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Amazon Relational Database Service
User Guide (API Version 2014-10-31)

IAM Database Authentication for MySQL and Amazon Aurora

With Amazon RDS for MySQL or Aurora with MySQL compatibility, you can authenticate to your DB instance or DB cluster using AWS Identity and Access Management (IAM) database authentication. With this authentication method, you don't need to use a password when you connect to a DB instance. Instead, you use an authentication token.

An authentication token is a unique string of characters that Amazon RDS generates on request. Authentication tokens are generated using AWS Signature Version 4. Each token has a lifetime of 15 minutes. You don't need to store user credentials in the database, because authentication is managed externally using IAM. You can also still use standard database authentication.

IAM database authentication provides the following benefits:

  • Network traffic to and from the database is encrypted using Secure Sockets Layer (SSL).

  • You can use IAM to centrally manage access to your database resources, instead of managing access individually on each DB instance or DB cluster.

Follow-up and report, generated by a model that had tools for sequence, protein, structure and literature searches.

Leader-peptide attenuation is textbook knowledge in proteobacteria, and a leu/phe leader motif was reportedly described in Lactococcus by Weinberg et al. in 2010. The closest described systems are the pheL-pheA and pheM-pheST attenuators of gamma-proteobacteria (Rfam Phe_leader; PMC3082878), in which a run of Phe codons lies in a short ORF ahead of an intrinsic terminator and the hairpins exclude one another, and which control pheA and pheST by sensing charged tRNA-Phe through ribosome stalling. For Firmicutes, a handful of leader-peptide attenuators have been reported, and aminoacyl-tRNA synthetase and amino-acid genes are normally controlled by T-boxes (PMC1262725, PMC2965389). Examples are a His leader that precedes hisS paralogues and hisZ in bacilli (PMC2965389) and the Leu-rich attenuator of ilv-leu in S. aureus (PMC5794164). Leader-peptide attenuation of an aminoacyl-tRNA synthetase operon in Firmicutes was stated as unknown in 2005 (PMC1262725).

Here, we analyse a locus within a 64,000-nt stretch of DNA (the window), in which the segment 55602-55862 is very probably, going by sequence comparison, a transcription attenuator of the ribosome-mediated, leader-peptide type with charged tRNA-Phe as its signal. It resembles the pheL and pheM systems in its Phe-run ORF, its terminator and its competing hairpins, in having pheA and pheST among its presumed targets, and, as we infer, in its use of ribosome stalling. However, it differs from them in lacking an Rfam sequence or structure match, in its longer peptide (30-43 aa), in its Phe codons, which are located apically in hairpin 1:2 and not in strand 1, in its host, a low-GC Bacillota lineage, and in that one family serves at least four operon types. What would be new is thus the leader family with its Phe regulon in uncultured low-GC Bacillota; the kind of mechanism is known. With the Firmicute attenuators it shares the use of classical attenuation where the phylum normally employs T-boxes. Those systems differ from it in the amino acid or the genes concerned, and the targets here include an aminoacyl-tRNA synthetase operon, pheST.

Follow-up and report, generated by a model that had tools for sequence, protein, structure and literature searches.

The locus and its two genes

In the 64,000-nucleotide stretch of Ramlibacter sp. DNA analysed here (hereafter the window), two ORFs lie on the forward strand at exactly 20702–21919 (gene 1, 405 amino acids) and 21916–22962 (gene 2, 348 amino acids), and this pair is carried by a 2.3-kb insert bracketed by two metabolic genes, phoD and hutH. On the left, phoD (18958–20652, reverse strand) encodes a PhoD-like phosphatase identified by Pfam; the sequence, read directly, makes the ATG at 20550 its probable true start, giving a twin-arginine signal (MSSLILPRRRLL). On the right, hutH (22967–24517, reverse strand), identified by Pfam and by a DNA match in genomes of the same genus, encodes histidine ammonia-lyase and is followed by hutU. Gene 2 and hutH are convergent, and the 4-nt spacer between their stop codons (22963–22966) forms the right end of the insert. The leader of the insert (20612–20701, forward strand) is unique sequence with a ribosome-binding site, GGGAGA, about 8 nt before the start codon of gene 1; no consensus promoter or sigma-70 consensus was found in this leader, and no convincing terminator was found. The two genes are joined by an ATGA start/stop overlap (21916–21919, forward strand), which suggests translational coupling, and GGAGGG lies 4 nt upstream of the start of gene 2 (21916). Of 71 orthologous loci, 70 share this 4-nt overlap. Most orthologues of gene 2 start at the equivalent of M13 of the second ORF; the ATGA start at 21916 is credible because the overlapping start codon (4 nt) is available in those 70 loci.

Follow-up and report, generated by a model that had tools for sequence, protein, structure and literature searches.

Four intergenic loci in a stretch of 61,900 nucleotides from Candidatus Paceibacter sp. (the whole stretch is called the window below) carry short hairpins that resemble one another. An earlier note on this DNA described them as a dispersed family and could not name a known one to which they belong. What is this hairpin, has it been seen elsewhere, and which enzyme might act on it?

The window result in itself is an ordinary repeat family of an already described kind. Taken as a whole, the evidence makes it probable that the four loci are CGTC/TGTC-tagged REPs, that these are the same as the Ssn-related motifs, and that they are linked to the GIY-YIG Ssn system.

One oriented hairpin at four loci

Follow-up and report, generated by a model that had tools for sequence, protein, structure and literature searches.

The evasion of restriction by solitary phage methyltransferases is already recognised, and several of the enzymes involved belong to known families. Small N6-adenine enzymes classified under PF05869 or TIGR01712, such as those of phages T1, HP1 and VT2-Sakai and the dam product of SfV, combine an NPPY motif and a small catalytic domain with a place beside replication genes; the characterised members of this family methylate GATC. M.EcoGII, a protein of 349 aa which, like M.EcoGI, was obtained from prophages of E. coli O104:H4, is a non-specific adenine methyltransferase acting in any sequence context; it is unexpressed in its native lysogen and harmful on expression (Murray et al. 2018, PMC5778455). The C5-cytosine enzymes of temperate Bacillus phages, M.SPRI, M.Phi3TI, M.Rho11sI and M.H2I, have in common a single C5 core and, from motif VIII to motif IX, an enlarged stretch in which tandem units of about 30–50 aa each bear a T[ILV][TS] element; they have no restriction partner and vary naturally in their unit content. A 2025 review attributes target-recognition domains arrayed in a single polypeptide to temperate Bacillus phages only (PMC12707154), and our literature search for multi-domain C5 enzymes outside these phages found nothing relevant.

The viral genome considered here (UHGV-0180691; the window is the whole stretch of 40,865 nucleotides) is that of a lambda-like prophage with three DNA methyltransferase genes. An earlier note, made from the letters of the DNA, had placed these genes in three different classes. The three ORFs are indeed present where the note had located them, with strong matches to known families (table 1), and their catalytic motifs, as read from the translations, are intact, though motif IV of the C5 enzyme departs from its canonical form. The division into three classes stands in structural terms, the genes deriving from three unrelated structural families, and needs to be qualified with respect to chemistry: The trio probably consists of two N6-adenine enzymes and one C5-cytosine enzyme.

• For applications running on Amazon EC2, you can use EC2 instance profile credentials to access the database instead of a password, for greater security.

Availability for IAM Database Authentication

IAM database authentication is available for the following database engines and instance classes:

  • MySQL 5.6, minor version 5.6.34 or higher. All instance classes are supported, except for db.m1.small.

  • MySQL 5.7, minor version 5.7.16 or higher. All instance classes are supported, except for db.m1.small.

  • Amazon Aurora 1.10 or higher. All instance classes are supported, except for db.t2.small.

Limitations for IAM Database Authentication

With IAM database authentication, you are limited to a maximum of 20 connections per second. If you are using a db.t2.micro instance class, the limit is 10 connections per second.

The Amazon RDS for MySQL and Aurora MySQL database engines do not impose any limits on authentication attempts per second. However, when you use IAM database authentication, your application must generate an authentication token. Your application then uses that token to connect to the DB instance or cluster. If you exceed the maximum connection-per-second limit, then the extra overhead of IAM database authentication can cause connection throttling. The extra overhead can even cause existing connections to drop.

We recommend the following:

  • Use IAM database authentication as a mechanism for temporary, personal access to databases.

  • Don't use IAM database authentication if your application requires more than the maximum number of connections.

  • Use IAM database authentication only for workloads that can be easily retried.

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